Wilbert E. Warnke, 96, a retired Department of Energy metallurgical engineer who worked at the old U.S. Bureau of Mines for more than 30 years, died Oct. 8 at Willows at Meadow Branch, an assisted-living facility in Winchester, Va.

He had dementia, said his daughter, Dr. Christine Warnke.

Mr. Warnke began working as a metallurgical engineer for the Bureau of Mines in Rolla, Mo., in 1940. After a two-year stint at the Department of Veterans Affairs in Ely, Nev., he returned to the Bureau of Mines and moved with the agency to College Park in 1948.

At the Bureau of Mines, he patented a process for producing a lightweight aggregate for concrete in 1975. He was also a site superintendent and oversaw a number of mineral research and conservation projects, his daughter said.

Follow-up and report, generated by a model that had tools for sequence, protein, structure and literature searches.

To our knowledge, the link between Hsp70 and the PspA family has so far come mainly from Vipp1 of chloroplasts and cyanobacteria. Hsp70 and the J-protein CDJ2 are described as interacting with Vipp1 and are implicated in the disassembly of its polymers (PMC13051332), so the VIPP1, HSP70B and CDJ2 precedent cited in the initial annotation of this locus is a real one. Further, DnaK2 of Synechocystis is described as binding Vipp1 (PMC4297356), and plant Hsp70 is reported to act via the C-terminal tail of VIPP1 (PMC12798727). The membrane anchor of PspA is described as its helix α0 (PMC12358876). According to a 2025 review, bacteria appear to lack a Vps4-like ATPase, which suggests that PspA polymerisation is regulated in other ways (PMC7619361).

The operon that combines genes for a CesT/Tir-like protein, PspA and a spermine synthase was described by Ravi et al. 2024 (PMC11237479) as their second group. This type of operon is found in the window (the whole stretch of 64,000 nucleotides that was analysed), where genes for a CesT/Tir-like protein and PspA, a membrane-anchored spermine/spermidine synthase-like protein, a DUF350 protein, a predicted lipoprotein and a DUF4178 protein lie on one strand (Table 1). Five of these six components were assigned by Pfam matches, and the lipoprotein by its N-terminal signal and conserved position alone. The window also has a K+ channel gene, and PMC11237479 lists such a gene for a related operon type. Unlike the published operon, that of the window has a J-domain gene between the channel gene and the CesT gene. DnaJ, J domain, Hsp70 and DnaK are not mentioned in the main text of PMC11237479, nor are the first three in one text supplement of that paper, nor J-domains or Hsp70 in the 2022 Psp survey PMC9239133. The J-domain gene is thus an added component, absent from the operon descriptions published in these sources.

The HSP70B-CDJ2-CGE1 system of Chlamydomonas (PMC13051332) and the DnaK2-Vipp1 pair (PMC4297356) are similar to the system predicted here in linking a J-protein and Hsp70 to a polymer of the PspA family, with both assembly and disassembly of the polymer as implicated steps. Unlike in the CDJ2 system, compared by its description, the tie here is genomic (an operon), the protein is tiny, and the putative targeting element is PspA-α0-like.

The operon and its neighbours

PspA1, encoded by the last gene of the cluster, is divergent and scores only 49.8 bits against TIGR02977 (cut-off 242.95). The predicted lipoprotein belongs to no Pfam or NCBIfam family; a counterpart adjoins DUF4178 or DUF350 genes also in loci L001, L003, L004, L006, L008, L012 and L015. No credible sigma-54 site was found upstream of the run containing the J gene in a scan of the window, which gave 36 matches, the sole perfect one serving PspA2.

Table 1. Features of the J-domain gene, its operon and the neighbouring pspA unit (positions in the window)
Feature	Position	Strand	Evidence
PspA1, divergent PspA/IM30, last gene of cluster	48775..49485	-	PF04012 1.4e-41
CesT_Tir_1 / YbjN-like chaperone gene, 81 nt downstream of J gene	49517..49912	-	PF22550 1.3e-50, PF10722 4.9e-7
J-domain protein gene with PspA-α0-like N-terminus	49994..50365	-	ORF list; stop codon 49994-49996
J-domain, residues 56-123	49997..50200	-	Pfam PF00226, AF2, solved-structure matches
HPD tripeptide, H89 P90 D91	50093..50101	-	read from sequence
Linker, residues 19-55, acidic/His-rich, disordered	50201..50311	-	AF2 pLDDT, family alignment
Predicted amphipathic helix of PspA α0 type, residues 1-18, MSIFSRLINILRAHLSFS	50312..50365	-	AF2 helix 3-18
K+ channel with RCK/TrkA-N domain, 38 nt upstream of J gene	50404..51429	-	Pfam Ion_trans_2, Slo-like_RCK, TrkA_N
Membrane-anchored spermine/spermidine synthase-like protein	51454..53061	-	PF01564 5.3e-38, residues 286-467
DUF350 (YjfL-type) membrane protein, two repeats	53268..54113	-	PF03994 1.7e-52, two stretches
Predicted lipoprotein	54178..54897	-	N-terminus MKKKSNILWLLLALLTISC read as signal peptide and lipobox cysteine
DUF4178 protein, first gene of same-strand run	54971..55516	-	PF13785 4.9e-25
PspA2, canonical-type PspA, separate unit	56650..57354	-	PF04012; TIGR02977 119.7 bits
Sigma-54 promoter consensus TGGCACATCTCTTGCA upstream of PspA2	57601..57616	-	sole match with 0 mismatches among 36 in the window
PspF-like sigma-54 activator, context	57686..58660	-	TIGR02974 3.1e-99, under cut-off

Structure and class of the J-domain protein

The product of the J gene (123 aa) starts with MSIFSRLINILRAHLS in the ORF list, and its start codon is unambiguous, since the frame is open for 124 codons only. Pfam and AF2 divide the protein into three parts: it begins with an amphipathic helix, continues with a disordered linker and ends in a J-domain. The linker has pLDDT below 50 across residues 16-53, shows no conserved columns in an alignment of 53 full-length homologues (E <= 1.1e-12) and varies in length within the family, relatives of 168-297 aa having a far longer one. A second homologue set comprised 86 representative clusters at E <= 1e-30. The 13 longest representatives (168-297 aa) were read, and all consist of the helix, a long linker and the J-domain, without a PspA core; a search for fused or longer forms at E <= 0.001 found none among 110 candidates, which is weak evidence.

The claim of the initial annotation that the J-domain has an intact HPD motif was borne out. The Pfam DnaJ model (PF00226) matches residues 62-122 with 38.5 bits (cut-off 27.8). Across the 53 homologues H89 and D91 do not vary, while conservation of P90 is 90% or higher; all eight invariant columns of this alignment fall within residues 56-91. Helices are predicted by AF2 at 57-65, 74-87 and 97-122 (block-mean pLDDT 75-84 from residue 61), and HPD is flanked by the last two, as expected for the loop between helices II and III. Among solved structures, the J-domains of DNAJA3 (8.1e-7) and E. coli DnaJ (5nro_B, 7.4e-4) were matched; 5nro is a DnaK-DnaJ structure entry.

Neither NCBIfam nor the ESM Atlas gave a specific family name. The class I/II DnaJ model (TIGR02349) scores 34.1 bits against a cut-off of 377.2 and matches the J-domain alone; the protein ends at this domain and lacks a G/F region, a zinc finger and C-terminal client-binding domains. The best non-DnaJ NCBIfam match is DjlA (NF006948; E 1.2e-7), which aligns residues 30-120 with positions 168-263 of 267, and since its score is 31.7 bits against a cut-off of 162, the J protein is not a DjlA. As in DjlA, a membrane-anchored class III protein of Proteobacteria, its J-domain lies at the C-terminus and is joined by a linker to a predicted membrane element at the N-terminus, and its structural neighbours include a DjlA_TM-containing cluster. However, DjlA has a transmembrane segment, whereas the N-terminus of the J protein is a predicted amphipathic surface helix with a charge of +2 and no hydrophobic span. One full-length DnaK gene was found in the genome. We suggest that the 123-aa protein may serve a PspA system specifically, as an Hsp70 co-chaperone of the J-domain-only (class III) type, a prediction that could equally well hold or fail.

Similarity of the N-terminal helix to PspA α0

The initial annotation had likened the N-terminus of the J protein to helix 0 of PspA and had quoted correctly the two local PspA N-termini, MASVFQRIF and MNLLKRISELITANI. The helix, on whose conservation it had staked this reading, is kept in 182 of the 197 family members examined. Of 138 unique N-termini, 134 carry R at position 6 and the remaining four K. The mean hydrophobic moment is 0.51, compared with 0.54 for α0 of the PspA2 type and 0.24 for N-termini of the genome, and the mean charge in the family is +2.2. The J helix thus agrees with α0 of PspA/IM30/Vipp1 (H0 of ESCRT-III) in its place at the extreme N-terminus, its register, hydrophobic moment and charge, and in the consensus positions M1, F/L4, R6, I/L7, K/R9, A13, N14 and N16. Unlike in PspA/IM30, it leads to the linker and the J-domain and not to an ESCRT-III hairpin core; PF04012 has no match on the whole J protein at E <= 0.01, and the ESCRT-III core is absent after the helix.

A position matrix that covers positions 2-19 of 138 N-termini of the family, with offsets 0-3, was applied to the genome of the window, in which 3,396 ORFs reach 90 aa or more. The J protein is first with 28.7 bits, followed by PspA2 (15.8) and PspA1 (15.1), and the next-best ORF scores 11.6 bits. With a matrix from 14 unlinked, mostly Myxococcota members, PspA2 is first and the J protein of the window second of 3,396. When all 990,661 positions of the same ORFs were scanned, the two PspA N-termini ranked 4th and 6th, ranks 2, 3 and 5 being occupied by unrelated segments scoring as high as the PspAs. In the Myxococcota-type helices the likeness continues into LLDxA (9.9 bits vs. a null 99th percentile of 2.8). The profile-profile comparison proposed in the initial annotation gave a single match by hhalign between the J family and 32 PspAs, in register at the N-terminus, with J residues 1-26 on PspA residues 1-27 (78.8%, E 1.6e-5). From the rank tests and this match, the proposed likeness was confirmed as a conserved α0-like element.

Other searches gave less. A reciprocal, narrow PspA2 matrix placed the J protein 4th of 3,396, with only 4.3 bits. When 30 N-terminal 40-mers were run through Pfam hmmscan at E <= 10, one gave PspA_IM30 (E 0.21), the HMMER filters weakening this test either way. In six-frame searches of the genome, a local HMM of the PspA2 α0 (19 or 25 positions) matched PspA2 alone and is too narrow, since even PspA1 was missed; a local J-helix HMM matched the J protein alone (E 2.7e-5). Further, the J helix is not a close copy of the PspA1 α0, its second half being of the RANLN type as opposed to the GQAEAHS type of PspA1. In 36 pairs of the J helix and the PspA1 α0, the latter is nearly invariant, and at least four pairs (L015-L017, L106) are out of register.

From 1977 until his retirement in 1979, Mr. Warnke was a senior metallurgical engineer at the newly established Office of Fossil Energy at the Energy Department. He was also a consultant to an international economic development organization.

Wilbert Eugene Warnke was born in Custer, S.D., and was a 1940 metallurgical engineering graduate of the South Dakota School of Mines & Technology.

Mr. Warnke was a Washington resident before moving to Chevy Chase in 2003. He relocated to Maine in 2006.

His wife of 54 years, Elizabeth Patterson Warnke, died in 2002.

Survivors include a daughter, Dr. Christine Warnke of Washington; two stepchildren, Angelo Patterson of Washington and Mary Patterson of McLean; one brother; and two grandchildren.

— Megan McDonough